I was 17 years old in the May of 2007 when I graduated from my Alma Mater. I earned a light and dark blue cord for maintaining a GPA of a 3.0 or higher, a TOPS academic scholarship and an academic certification on my diploma. It was a day that many people told me that I would not get to enjoy.
I did not wear any fancy high heels or a dress under my gown that day. I traded those in for flats and maternity pants. I was approximately seven months pregnant at my high school graduation. There was no hiding my belly either. My high school diploma is a symbol of my perseverance.
You see, I was not just another student in class. I was pretty involved in my school. I had been in the gifted/talented program since elementary school, I was the deputy corps commander of our AFJROTC as well as commander of our unarmed drill team and special operations group my senior year and I took college classes at the local community college as well as AP and honors classes throughout high school. I was considered to be a talented writer by numerous teachers. I also worked part-time at a local pizza buffet and I had a boyfriend (he is now my husband).
We found out that we were pregnant during Christmas break. I was outcast and stigmatized by many of my peers, teachers and school administrators. The teachers and administrators said that I would not see graduation, that I had ruined my life, that I would never go to college and that I made a huge mistake. I started to believe them after a while.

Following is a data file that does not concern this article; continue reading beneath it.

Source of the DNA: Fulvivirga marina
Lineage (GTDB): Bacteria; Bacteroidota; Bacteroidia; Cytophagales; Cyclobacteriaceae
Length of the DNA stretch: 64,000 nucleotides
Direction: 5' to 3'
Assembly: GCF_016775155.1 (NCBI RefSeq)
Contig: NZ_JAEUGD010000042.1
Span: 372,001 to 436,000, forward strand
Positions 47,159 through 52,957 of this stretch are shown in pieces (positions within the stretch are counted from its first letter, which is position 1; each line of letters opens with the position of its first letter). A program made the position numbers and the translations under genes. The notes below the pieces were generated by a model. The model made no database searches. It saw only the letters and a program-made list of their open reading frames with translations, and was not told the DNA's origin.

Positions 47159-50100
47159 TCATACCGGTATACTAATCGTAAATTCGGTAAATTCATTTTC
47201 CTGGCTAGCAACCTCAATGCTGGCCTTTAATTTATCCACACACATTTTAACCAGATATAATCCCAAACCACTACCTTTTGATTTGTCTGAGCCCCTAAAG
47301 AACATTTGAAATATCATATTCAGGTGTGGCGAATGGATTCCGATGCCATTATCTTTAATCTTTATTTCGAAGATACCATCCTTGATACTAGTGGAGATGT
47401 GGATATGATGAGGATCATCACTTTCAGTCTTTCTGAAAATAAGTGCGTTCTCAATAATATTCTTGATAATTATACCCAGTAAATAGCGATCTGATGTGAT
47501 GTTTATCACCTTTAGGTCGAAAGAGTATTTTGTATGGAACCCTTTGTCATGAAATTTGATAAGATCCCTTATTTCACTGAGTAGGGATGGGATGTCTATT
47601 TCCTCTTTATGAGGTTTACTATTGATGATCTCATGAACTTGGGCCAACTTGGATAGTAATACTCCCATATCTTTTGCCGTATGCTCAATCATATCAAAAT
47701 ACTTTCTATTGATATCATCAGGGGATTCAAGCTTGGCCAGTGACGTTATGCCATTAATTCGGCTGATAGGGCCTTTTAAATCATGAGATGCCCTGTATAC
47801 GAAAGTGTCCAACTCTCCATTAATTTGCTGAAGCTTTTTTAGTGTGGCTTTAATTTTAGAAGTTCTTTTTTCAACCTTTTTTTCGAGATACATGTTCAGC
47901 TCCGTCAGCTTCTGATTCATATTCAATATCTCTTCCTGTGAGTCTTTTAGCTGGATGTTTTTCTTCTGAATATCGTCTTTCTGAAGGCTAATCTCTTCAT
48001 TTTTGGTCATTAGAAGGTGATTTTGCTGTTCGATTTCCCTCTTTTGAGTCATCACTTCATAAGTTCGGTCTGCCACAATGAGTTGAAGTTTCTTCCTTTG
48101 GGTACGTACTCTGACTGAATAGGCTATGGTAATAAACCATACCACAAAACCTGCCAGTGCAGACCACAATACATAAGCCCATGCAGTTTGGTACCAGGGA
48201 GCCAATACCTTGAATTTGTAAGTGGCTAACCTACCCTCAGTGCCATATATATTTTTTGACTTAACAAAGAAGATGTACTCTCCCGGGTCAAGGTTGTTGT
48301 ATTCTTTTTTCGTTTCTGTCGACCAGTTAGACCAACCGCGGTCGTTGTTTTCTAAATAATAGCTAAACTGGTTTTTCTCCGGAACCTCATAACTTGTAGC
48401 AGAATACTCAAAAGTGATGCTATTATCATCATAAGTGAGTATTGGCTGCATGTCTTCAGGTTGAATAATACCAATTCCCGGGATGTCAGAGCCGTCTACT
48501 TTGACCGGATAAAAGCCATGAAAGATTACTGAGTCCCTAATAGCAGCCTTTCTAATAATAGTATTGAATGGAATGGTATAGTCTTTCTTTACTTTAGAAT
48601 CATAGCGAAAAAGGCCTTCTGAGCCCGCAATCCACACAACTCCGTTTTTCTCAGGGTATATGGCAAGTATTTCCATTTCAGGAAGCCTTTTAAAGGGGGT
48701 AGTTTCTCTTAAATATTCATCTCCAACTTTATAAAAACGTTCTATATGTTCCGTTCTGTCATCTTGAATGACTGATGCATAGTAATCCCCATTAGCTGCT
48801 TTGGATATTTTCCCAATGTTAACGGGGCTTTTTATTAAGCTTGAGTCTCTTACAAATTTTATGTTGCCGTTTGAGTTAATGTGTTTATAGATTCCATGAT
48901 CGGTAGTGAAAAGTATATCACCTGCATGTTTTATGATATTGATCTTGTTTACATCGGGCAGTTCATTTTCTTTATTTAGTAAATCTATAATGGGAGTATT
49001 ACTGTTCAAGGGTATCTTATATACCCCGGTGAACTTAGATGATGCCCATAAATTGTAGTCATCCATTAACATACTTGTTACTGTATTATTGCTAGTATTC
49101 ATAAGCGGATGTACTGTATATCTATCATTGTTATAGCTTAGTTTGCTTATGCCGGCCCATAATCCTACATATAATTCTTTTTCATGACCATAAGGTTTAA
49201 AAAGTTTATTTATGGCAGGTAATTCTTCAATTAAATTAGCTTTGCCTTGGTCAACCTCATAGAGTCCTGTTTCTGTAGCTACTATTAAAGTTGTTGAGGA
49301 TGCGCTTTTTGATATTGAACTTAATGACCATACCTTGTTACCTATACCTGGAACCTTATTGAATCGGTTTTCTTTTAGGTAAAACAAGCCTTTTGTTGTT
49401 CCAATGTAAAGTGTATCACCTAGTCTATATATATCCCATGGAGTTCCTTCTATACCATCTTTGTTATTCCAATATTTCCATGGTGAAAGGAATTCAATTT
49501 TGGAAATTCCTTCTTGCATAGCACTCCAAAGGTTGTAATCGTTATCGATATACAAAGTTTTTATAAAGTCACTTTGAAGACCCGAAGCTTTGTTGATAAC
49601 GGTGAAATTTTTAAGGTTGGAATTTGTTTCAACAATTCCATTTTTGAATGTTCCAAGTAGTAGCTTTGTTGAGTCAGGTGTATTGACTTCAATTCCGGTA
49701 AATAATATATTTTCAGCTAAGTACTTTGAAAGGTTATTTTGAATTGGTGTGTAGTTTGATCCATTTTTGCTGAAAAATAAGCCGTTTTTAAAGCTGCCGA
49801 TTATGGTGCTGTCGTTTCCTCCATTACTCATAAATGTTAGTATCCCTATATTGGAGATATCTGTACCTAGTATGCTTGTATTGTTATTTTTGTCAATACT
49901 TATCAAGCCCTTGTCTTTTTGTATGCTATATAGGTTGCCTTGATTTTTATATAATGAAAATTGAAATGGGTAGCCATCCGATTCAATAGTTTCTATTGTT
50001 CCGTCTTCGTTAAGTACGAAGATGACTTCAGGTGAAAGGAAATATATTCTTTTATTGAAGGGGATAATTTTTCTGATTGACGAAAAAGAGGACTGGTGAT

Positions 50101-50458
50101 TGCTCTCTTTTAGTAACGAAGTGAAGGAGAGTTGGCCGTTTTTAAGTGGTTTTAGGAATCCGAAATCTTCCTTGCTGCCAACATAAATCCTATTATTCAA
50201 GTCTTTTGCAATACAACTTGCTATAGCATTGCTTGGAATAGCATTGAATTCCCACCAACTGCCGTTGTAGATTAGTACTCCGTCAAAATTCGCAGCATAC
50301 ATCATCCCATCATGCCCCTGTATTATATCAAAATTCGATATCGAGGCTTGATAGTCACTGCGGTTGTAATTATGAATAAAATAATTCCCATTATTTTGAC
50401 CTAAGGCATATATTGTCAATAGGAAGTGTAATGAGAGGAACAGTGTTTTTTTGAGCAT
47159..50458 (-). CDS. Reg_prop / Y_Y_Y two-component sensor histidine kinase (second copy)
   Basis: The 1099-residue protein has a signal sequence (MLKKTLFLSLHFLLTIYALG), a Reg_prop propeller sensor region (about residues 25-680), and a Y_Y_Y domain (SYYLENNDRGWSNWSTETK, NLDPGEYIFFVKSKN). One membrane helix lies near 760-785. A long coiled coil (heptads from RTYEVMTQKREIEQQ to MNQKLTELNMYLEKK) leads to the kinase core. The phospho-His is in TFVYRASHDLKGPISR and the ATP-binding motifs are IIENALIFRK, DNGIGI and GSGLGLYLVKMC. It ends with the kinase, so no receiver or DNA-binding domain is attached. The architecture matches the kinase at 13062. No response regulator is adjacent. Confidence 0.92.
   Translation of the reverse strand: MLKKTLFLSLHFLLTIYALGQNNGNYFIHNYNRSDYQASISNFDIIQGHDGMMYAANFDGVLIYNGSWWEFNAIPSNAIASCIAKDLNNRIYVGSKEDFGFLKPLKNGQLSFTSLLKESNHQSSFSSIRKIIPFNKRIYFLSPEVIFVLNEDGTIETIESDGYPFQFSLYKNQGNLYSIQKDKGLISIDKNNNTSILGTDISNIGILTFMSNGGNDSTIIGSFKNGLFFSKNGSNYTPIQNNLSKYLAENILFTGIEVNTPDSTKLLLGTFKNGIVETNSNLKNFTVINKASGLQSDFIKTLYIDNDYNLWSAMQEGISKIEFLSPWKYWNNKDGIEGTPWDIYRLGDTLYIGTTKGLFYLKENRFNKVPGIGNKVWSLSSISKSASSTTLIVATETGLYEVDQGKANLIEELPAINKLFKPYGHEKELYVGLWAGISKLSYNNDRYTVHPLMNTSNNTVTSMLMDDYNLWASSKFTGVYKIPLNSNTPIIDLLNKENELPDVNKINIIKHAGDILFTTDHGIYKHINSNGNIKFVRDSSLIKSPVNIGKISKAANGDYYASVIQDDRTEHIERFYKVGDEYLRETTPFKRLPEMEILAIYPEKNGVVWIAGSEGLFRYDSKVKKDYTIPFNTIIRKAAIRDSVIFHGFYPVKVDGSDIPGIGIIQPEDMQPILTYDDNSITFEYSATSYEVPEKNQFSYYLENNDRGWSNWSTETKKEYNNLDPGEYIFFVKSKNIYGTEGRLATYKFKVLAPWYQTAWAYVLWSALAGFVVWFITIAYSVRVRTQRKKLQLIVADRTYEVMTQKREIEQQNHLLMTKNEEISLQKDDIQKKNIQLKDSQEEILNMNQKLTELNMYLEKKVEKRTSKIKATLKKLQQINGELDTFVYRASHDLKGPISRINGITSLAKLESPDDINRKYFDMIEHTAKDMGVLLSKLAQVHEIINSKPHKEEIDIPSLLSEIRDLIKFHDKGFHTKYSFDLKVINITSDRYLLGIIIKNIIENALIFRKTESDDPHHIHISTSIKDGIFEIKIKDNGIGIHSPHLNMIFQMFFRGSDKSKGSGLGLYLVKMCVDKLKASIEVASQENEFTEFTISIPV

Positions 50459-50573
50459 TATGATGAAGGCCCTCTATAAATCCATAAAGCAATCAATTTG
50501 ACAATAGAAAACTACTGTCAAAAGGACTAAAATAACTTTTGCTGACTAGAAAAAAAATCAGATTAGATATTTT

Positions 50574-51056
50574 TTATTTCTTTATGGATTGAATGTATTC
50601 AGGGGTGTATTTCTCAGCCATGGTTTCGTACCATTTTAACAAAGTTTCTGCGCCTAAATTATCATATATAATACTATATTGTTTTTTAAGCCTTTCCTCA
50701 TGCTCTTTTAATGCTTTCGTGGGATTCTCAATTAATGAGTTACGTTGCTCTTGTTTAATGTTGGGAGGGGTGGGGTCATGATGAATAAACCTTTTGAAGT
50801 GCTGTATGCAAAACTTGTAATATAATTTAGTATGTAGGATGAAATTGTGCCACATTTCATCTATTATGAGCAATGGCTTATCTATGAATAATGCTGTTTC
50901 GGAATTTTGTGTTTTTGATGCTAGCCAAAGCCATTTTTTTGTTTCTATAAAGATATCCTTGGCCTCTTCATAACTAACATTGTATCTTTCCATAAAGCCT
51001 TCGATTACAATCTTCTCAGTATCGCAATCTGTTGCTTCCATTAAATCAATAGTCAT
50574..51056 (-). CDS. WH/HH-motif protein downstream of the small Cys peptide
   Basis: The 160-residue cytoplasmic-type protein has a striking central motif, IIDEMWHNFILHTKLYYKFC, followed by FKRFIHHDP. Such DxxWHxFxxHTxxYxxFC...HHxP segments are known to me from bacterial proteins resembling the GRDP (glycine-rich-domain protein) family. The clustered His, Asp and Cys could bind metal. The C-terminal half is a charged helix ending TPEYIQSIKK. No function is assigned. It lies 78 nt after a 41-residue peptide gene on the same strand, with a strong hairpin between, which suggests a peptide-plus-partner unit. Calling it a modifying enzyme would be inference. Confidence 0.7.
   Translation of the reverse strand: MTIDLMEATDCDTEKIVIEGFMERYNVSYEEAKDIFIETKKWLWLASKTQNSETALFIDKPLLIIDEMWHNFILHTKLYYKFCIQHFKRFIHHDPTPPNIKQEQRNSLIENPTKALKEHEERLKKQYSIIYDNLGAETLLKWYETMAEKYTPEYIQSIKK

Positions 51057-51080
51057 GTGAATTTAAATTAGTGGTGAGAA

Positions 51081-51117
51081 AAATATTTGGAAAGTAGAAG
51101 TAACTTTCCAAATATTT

Walking across that stage was definitely a breath of fresh air and I realized that the cynics were wrong about me. Being pregnant in high school is not the end of the world. I would never encourage anyone to intentionally become a teenage mother. However, I do hope that those who find themselves in a similar situation realize that success is still attainable.
About 8 months later, I enrolled into the local community college so that I could work during the day and go to school at night. I was a pre-nursing major, a new mom and I became a newly-wed shortly after I started school.
My first college graduation took place in the December of 2009. I made the Dean’s List every semester, was a member of Phi Theta Kappa (an honor society), had a part-time job as a tutor and I was once again wearing flats and maternity pants. I was four months pregnant when I walked across the stage to receive my AS in science. My Associate’s degree is a symbol of what I am capable of. My husband has stood by my through all of this and although his education is on hold, he works hard.
I am now 4 semesters shy of a Bachelor’s in cellular and molecular biology. I plan on wearing a little black dress under my graduation gown in 2013. Preferably in a size 5.